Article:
Cary man gets prison time for plan to aid terrorists in Syrian civil war
Posted November 29, 2018 11:15 a.m. EST
Updated November 29, 2018 4:50 p.m. EST
Raleigh, N.C. — A Cary man was sentenced Thursday to seven years in federal prison for trying to provide support to the Iraqi arm of al-Qaida by fighting in Syria's civil war.
Basit Javed Sheikh, 29, of 300 Swansboro Drive, was arrested at Raleigh-Durham International Airport in November 2013, before he could board a plane to Canada, with a final destination of Lebanon, according to federal court documents.
Sheikh, a Pakistan native, pleaded guilty in August. The case took so long because of Sheikh's mental health, which again was the focus of Thursday's court hearing.
He has been in jail since his arrest five years ago, so he has only two more years behind bars. He also agreed to remaining on supervised probation for the rest of his life, which will include mental health support.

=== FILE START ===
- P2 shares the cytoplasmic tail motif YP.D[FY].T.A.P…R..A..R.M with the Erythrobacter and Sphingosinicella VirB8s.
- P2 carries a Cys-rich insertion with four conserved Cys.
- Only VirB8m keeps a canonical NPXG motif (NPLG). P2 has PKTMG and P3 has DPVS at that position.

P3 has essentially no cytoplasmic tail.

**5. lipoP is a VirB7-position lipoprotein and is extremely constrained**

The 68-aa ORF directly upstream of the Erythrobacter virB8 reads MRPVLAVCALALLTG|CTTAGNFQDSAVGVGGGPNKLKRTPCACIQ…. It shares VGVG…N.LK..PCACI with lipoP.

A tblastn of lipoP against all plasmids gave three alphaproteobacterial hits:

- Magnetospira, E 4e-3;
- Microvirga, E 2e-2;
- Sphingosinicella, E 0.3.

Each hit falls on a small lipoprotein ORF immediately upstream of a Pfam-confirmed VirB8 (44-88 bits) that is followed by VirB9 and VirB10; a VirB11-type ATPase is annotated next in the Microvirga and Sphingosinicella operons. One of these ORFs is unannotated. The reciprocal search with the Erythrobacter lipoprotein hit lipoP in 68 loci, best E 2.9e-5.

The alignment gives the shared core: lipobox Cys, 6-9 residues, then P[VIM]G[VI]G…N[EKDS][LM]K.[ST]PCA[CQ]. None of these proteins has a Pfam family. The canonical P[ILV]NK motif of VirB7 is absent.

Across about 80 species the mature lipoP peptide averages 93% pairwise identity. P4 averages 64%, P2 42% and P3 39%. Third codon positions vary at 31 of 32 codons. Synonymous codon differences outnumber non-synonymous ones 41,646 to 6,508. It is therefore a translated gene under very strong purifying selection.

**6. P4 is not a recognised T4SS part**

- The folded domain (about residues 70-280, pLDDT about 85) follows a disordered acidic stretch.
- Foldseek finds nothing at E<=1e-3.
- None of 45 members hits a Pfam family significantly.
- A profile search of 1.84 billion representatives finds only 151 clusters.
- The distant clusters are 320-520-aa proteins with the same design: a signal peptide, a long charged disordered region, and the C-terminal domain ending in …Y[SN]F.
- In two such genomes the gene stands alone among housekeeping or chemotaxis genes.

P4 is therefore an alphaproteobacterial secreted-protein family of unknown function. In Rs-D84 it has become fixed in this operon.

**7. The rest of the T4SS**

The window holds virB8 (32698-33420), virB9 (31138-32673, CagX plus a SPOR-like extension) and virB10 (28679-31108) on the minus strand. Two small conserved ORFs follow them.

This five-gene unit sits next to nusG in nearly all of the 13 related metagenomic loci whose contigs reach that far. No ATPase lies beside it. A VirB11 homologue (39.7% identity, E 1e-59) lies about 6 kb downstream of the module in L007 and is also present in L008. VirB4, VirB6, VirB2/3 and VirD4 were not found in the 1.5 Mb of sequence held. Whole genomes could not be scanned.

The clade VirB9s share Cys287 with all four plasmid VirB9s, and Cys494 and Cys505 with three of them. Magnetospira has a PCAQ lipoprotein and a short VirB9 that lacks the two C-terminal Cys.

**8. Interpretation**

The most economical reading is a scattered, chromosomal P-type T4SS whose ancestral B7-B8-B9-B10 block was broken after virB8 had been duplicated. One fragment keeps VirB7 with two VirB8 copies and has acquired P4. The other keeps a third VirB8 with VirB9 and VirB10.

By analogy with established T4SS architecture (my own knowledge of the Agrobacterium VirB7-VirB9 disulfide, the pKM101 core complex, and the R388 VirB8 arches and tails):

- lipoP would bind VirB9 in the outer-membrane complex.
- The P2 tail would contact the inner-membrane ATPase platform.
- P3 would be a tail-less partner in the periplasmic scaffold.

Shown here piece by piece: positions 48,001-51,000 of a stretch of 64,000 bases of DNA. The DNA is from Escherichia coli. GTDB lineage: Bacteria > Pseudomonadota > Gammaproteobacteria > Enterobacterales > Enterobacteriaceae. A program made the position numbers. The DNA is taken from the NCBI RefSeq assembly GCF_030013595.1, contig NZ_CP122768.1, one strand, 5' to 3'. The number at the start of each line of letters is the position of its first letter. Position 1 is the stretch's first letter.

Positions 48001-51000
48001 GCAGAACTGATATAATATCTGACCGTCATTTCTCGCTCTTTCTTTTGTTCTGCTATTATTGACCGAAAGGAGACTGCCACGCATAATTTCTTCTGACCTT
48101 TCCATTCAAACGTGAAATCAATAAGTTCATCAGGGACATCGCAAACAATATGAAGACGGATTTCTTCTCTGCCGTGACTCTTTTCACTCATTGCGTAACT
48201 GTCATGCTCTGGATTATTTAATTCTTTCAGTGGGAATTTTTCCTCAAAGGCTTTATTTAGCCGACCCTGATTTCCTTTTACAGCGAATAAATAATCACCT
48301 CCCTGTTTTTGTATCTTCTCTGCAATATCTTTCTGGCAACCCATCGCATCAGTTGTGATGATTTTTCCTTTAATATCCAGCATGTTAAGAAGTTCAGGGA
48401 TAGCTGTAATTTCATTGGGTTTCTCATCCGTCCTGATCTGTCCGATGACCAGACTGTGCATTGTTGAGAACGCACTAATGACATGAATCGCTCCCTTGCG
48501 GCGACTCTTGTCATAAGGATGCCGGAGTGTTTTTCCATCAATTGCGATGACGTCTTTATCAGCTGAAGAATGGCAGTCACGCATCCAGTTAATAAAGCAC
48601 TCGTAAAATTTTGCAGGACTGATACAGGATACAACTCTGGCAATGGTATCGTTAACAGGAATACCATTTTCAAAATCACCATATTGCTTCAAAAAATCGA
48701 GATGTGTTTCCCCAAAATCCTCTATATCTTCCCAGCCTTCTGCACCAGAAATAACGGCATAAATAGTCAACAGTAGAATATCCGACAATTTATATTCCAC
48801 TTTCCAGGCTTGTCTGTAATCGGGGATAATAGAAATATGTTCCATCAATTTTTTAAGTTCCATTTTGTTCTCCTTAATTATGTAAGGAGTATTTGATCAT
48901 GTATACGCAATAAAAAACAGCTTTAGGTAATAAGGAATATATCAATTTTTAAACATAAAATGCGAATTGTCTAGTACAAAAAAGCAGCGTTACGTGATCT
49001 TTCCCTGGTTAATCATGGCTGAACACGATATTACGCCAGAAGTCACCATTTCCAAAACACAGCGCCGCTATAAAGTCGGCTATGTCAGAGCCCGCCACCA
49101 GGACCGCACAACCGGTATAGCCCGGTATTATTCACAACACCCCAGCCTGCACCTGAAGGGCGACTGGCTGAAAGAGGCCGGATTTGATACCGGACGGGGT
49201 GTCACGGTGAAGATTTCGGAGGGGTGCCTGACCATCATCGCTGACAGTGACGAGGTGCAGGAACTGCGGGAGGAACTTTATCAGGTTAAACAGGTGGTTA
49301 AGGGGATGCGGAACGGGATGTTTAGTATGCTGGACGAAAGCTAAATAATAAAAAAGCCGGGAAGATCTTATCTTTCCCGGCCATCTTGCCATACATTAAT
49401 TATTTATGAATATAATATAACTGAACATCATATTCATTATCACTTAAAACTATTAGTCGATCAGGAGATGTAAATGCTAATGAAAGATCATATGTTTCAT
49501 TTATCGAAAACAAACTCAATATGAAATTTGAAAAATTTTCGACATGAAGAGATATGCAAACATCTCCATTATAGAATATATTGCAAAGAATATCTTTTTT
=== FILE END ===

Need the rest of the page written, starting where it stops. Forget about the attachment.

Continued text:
According to an indictment, Sheikh was arranging to provide personnel to al-Nusrah Front, an Iraqi group affiliated with al-Qaida that has claimed responsibility for hundreds of attacks in Syria.
An affidavit of an FBI agent states that Sheikh repeatedly posted on his Facebook page links to news stories and videos backing a jihad in Syria. He also discussed with a government informant going to Syria to fight in that country's civil war and that he was ready to be a "martyr," according to the affidavit.
Believing the government informant could help smuggle him from Lebanon to Syria, authorities say, he purchased a one-way ticket to Lebanon.
Sheikh's defense attorneys argued Thursday that he should go free, saying his schizophrenia played into his extreme views. But prosecutors said the religious extremism and fear that the FBI was after him led to his mental breakdown.
Senior U.S. District Judge Terrence Boyle said he understood both arguments, but said putting him on lifetime supervised release with mandatory mental health counseling was best for both sides.
The case isn't the first of its kind in North Carolina.
In 2009, federal agents broke up a terror cell based in Johnston County that authorities said was plotting terrorist attacks on the Marine base in Quantico, Va., and overseas targets.
Seven men are in prison after being convicted of various crimes, and an eighth is believed to have been killed in a U.S. drone strike in Pakistan.